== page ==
It is clear that we need to improve the confidence of sentencers in some aspects of probation delivery
Expert voice: Darren Thompson, Head of Stakeholder Engagement, National Probation Service – North East DivisionPosted on 18 Mar in
What changes do you see happening in the field of community sentences in the next twelve months?
Firstly, there are changes being introduced in April 2019 to improve the arrangements for resettlement of offenders back in to the Community following serving a custodial sentence. This is known as the ‘Through the Gate’ (TtG) service. CRCs are contracted to deliver this service. We will work closely with Prisons and Community Rehabilitation Company (CRC) colleagues to make sure these arrangements improve the current arrangements.
Secondly, later in 2019 we will be introducing the Offender Management in Custody (OMiC) model. This aims to improve the work done during a custodial sentence to address needs of offenders, and improve resettlement back in to the community, linking in with the TtG service.
Finally, later in 2019 we expect the outcomes from the MoJ consultation – Strengthening Probation, Building Confidence, which closed in September 2018. Changes to the model for probation are not due to be made until later in 2020.
What’s the most exciting innovation that the NPS in your area is working on right now?
- We have been working in conjunction with Durham Tees Valley CRC for some time now within our Court Team in Teesside Magistrates Court. This involves a CRC officer working within the NPS Court Team, providing information on CRC services, and updates on orders for CRC clients. We are currently working with West Yorkshire CRC to implement the same arrangements in courts in Leeds and Bradford. We are pleased that this innovation was quoted in the MoJ consultation referred to above.
- To respond to sentencer feedback about wanting more information about progress on community sentences I have worked with our 5 CRCs in the North East to develop performance reports, which show the progress made on a range of community interventions, including case studies on individual cases.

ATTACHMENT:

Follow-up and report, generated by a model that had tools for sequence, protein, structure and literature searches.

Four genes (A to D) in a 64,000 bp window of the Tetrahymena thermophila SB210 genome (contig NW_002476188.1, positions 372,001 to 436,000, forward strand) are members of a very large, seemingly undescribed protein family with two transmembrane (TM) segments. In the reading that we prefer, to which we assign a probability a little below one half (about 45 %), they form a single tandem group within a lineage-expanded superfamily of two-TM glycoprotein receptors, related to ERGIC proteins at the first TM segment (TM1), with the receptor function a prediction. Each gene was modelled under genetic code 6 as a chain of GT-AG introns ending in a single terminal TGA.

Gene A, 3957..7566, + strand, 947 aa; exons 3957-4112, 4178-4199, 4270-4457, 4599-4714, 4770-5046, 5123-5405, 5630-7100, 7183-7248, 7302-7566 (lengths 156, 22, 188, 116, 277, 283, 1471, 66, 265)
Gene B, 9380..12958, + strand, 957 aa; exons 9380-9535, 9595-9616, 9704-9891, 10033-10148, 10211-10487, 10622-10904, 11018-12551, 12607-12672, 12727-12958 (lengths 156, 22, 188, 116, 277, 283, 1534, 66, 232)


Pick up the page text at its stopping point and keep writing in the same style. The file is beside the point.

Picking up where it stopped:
- We have a pilot, working jointly within a court and linked to prison remand issues to identify cases where bail options can be proposed in the community to prevent remands into custody. In the same Court we are also looking at early identification of health assessments and better of information transfer to the Prison. This is a joint project between NHS England, court, probation and prison colleagues.
- We have put a lot of effort during 2018/2019 to hold regular service user involvement meetings and forums, and use the feedback received to improve the services we offer. This has led to specific projects to – improve accommodation provision, working with a number of local authorities – improving education and training opportunities, working in conjunction with our partner agency APM – and starting to look at introducing peer mentoring.
What’s the biggest barrier that you are facing in your work, and how are you tackling it?
Not so much a barrier, but our biggest challenge at present is responding to a national survey of sentencers late in 2018. It is clear that we need to improve the confidence of sentencers in some aspects of probation delivery. This is also apparent in the Centre for Justice Innovation report ‘Renewing Trust: How can we improve the relationship between probation and courts’.
This will be a key focus for Probation nationally during 2019, but is my top priority for action in the NPS North East.